Pioneer life in the Benton Co. WA area
Toughest Horses Sold to British
By BURTON 0. LUM
Sunday, 30 July 1960
In 1901 England was at war with the Boers of South Africa, who were the descendants of the early Dutch settlers. Before that war had ended, British,cavalry, mounted on former wild horses from the Horse Heaven Hills, which I helped "break", played a major part in turning the tide.
The breed of wild horses in these parts many years ago isn't known to many of the newcomers - people who have arrived here in the last 40 years. The last big roundup for wild horses was in World War I. But back at the turn of the century, believe it or not, it was widely-known that the toughest horses in the world were raised at Kennewick. The word "boer" means farmer in the Dutch language. The English had underrated the Military strength of the Boers who had been quietly building up their military organization for several years.
The Veldt of South Africa was a broad expanse of flat country quite similar to the Plains country of the United States. Farming and stock raising had been the main occupation of it's people.
When the British Cavalry from England, mounted on their large Cavalry horses, attacked the Boers, they were, due to the terrain and the tsetse fly, no match for the Boers who were mounted on their smaller and tougher mounts. The English must secure as tough mounts or they could not win.
They, therefore, sent a horse buyer to New York City to contact the leading horse buyers there. They unanimously recommended the horses from the Horse Heaven County near Kennewick, because in years gone by during horse-car days, these were the toughest. It was during school vacation and I was helping my brother, Charley, on his homestead eight miles southeast of Kennewick in the Horse Heaven Hills. 0ne evening after supper, a visitor called. He said he was a horse buyer for the English Cavalry and said that horse buyers in New York had recommended that he come to Kennewick. He said that he had called on the Kennewick Postmaster who sent him to Charley.
He also stated that the horses he wanted would have to weigh from 700 to 800 pounds, they were to be halterbroken and bridle-wise, and ridden under a saddle so that one man could handle them, but not thoroughly broken and tamed. There must be no rope burns of any kind because of tsetse fly.
He said that by the time they arrived aboard a vessel in South Africa they were tame as could be. He stated he would pay $20 a head FOB and the horses were to be shipped by rail to New York City. Charley accepted the offer.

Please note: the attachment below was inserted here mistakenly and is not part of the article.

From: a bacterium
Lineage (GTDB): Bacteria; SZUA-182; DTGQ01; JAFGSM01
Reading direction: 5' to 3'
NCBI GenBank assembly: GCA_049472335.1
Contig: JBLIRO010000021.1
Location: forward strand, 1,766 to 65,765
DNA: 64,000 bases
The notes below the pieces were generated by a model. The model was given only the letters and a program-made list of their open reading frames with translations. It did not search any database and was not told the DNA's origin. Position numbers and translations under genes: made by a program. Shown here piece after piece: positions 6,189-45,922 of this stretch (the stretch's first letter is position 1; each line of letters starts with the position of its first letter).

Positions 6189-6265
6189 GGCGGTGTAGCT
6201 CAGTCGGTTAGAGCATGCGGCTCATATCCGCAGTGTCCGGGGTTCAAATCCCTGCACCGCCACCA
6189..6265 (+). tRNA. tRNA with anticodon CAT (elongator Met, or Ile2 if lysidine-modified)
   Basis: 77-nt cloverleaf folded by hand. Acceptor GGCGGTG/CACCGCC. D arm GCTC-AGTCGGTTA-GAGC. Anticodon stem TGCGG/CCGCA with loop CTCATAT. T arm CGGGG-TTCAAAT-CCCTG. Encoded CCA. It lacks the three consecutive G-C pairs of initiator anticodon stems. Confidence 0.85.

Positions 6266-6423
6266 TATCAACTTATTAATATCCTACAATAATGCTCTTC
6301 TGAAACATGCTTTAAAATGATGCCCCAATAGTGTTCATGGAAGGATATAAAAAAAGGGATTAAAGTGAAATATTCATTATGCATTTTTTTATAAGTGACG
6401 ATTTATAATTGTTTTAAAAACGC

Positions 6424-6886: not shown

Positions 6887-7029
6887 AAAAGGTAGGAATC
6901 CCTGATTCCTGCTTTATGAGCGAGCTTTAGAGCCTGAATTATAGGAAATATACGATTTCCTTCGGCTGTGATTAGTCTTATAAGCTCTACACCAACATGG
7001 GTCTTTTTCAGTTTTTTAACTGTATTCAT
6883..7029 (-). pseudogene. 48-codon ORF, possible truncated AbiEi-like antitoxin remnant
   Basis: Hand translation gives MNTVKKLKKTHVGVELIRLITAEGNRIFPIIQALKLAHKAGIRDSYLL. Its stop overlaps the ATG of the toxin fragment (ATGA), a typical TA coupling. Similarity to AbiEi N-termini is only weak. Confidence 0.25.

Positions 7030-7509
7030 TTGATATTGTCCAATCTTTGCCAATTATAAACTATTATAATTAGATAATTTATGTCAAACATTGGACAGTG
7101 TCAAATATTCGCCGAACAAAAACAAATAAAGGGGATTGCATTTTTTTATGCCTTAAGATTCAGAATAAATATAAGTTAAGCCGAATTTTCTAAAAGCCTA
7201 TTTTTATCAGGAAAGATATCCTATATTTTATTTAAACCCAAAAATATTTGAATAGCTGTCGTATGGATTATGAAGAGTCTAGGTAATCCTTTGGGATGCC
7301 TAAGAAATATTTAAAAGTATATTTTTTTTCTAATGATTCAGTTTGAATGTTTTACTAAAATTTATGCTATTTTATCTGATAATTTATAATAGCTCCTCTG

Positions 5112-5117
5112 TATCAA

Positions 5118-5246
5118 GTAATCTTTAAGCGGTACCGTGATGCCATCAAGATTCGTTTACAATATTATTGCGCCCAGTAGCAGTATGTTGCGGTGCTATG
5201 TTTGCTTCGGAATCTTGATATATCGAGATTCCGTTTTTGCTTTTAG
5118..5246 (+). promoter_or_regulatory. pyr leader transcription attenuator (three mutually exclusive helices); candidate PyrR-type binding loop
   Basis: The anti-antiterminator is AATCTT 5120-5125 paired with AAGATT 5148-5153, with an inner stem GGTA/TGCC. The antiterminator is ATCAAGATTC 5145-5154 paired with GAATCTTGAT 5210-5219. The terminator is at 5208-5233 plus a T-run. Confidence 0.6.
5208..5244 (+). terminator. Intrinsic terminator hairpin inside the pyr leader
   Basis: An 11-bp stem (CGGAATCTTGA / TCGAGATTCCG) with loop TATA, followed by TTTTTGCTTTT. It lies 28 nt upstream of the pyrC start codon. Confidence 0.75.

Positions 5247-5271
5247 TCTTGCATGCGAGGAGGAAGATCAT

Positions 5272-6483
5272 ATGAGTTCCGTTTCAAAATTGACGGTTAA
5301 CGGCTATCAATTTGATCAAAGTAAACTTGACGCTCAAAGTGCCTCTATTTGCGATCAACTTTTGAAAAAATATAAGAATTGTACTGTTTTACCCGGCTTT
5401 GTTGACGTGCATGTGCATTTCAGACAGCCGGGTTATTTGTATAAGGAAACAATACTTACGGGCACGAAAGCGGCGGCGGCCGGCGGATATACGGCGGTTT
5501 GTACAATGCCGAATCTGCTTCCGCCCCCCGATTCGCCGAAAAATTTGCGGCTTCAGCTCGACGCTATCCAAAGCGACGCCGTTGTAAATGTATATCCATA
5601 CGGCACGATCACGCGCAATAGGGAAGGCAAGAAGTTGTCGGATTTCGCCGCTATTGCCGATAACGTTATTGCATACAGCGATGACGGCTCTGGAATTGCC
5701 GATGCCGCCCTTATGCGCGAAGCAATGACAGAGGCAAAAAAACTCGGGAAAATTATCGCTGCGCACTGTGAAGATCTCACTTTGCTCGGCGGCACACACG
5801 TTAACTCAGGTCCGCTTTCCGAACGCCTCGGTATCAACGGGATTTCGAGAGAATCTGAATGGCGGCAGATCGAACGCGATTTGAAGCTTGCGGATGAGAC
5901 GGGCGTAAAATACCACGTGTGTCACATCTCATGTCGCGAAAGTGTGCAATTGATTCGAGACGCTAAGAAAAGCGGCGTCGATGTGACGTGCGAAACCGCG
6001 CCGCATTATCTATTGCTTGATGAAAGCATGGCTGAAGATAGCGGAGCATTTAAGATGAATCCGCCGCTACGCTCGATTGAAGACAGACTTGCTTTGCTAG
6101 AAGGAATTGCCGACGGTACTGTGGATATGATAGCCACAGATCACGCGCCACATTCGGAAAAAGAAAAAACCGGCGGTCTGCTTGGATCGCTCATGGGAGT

The next day, Charley hired some Indian riders and we made camp near the mouth the Yakima River where good corral and pasture facilities were available. We rounded up a bunch of - horses and cut out about 30 head to break. Then the broncobusting was on. Any old broncobuster will tell you that a horse this size is the hardest to break because they are so quick and are of a sufficient size to really buck.
Our most serious problem was how to break these wild horses without rope-burning them. Rope-burning is caused by the friction generated by the sliding of the rope through the hondo, or the eye, of the lasso rope. To lessen the hazard the horses were driven around the circular roping corral. As the horses trotted around the corral, an expert roper standing in the center of the corral would lasso the opposite forefoot of one of the horses and throw him. The other buckaroos who were standing near the roper would immediately pounce on the downed horse, two buckaroos would grab his ears, a third his nose, and a fourth and fifth his tail.
The buckeroo who held the horse's nose would raise the horse's nose and the two buckaroos holding his ears would bear down, and the rope would be shaken off the front foot of the horse. The horse was thoroughly manhandled.
A hackamore was placed on the horse's head and he was saddled while he was down. A buckeroo would mount the horse as it was getting up. The other buckeroos would make a run and climb up on the corral to watch and be of help to the rider if needed. If the rider was thrown, the watching buckaroos would grab the horse by the hackamore and hold him until another rider would mount and the horse would buck himself to exhaustion, - then he would be unsaddled and turned loose in another corral and would not be ridden again for two days. Another wild horse would be immediately lassoed and a repetition . of the previous routine would be done.
When 26 of these ponies were sufficiently broken, they were driven to the railroad stock loading station and shipped to New York thence by vessel to South, Africa.
What made these horses the toughest in the world?
"Old Mother Nature."
The Columbia River was the only source of drinking water for these horses and at this location the Columbia loops around the end of the "Jump Off Joe" foothills at Wallula and keeps on bending around until it reaches New Plymouth opposite Umatilla. Thus, it is over 65-miles by the Columbia River from Kennewick to New Plymouth and only about 25 miles across from Kennewick to New Plymouth by wagon road.
On the banks of Columbia in the Kennewick area at early spring there grew a species of "Buffalo Grass." The wild mares would foal at this time while there was plenty of grass near drinking water. As this grass dried up, the mares and colts would have to travel to the bunch grass on the foothills -and back to the Columbia River for a drink. Thus, the colts were exercised and the older they grew the farther they traveled for grass and water.
"Old Mother Nature" also gave the colts a soft terrain to travel over, free from scab rock so that wonderful feet and hoofs were developed.
I have seen boys in Kentucky exercise the Kentucky thoroughbreds, but "old Mother Nature" at Kennewick did the best job and produced the toughest horses ' in the world.Return to Index of Burton Lum Articles